BBC correspondent Karen Allen covered Sunday's election in the Democratic Republic of Congo's east: a region where the peace process is not yet complete. She looks back on polling day in an area still haunted by violence.
We arrived at Aveba by helicopter on polling day. There are no roads to speak of in this part of north-eastern Congo - one of the bloodiest corners of this country, still scarred by violence.
People in the east said they were voting for peace
Down below a mass of humanity had come here to vote. Viewed from the air it appeared like a scene from a vast colourful pilgrimage - orange, yellow and blue set against the backdrop of Congo's green hills.
The presence of UN marksmen was only clue that this was not some obscure religious gathering.
Blue helmets poked out of tall grass, the UN soldiers on standby should armed groups take advantage of the gathering, and strike.
On the ground, tens of thousands of people continued to arrive at this cluster of polling stations in the middle of nowhere.
Old men walked with sticks, young men went barefoot. Breastfeeding mothers stopped occasionally to nurse their babies.
And scattered along the way were hawkers selling cakes and nuts and fruit - a good day for business.
These were the first democratic elections for three generations, and the overwhelming choice was reflected in the size of the ballot papers.
For the presidential race, the 33 candidates fitted onto a modest A4 sized ballot paper.
But with more than 9,000 hopefuls competing for a seat in parliament, voters were given a large unwieldy ballot form, the size of your average movie poster.
The democratic republic of Congo is a large country, with a large electorate and now an extremely large stationery bill.
The vast majority of people who flocked to Aveba have been or remain displaced.
Despite a peace deal three years ago, many civilians still find themselves caught in the crossfire between the Congolese army and militia, and forced to flee their homes.
UN peacekeepers were on alert in the east
Many people had walked for hours or even days to get here.
They may have had only the clothes they were standing in but they all had voting cards.
Ask them what they're voting for and without question they say "peace".
Press them on who will deliver that and the conversation falls silent.
Little wonder when they have been denied the opportunity to vote for so long.
This is largely the territory of President Joseph Kabila, yet still they are afraid to speak.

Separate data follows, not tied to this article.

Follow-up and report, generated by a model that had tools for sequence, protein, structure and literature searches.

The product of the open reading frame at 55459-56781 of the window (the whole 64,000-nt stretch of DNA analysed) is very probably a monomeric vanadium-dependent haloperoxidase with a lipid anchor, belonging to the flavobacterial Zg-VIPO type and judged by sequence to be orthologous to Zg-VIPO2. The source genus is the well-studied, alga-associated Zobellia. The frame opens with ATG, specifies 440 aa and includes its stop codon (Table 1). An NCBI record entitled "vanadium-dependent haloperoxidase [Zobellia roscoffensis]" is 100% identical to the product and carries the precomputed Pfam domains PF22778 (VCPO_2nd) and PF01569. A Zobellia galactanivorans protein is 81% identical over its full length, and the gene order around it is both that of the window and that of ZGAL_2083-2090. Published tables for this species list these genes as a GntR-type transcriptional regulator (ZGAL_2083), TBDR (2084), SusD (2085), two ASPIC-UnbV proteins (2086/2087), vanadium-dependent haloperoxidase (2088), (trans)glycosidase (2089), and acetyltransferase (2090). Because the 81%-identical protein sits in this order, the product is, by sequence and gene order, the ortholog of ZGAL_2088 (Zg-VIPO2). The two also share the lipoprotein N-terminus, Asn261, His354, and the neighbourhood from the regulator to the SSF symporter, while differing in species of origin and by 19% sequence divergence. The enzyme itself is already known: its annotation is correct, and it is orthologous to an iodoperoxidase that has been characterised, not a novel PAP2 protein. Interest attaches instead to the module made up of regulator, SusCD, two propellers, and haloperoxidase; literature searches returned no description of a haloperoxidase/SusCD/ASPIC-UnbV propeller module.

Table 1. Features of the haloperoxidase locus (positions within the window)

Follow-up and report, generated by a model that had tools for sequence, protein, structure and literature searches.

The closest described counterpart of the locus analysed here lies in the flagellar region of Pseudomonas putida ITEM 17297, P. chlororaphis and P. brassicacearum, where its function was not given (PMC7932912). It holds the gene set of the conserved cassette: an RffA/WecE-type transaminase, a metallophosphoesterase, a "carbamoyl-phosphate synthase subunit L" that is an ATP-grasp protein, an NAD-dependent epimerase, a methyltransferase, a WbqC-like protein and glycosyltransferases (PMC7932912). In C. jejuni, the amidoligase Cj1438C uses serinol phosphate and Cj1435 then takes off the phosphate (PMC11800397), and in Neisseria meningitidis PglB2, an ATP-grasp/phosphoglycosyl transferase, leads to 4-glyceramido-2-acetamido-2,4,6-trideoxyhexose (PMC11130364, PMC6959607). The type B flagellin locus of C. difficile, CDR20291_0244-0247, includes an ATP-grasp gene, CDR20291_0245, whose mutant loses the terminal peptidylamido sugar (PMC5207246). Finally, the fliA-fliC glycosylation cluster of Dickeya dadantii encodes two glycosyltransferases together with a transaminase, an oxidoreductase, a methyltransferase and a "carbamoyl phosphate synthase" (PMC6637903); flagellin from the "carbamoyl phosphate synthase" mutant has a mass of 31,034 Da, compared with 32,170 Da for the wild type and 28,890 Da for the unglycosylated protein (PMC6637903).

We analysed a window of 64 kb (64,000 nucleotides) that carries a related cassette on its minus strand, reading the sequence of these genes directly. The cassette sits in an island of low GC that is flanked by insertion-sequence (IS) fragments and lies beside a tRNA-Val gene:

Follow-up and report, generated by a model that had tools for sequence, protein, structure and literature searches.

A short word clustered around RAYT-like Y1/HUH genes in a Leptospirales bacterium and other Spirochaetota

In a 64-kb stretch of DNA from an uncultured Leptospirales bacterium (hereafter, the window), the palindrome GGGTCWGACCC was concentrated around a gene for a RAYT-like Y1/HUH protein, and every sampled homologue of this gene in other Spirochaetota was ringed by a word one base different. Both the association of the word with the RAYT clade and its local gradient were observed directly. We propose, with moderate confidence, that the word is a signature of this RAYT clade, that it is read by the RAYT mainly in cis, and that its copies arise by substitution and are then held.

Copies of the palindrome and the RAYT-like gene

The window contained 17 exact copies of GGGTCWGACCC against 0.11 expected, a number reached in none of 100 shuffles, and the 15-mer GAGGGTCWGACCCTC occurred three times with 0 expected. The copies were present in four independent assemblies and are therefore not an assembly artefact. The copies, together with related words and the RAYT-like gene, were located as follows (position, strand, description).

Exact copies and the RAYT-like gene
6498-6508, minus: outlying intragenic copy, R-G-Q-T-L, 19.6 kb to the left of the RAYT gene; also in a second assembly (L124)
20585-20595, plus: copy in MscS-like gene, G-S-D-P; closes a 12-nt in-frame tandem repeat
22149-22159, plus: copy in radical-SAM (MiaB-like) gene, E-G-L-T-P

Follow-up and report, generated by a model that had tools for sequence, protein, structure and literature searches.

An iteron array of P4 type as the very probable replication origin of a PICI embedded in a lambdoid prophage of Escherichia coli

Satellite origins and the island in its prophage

He may not have delivered a perfect peace, but many want him to continue.
An hour's drive in an armoured vehicle, part of a UN convoy, gave us some insight into what these people had fled from.
Thick bush, impenetrable in places, made for perfect ambush territory.
As we pushed forward along the track linking Aveba to the village of Geti, we passed burnt-out houses along the way: some so recently burnt that the ashes seemed almost white with heat, while others were already overgrown with purple flowers.
A fortnight ago five civilians had been killed here, caught up in clashes between the army and militia. It happens a lot.
People are as afraid of the Congolese army here as they are of the rebels - they share the same taste for looting, murder and rape.
Men with guns
Arriving at Geti, we found thousands more queuing up to vote.
We met Jaba - a man in his forties with kind eyes, a green woollen hat and a pair of torn trousers.
He explained how he and his family had emerged from the bush just last week after being in hiding for seven months.
Home is now a camp for displaced people. He wasn't going to squander his chance to vote.
"I hope the election will change many things," he said.
"We hope the government can improve the situation so people can live a good life and I can send my children to school without fear of war."
He added life had been more peaceful under the former dictator Mobutu Sese Seko, who was deposed by President Kabila's father, Laurent Kabila, in 1997.
In the past fortnight - the population of Geti has swollen from 20,000 to 40,000 and emergency relief teams say they could expect more.
Driving back through the bush we passed young men armed with machine guns and rocket-propelled grenades.
Some wore bandannas and others army uniforms, but to the people who live here they're all the same.
This was an unsettling sight on polling day. There are huge expectations that these elections will halt the fighting, but little understanding that this will take time.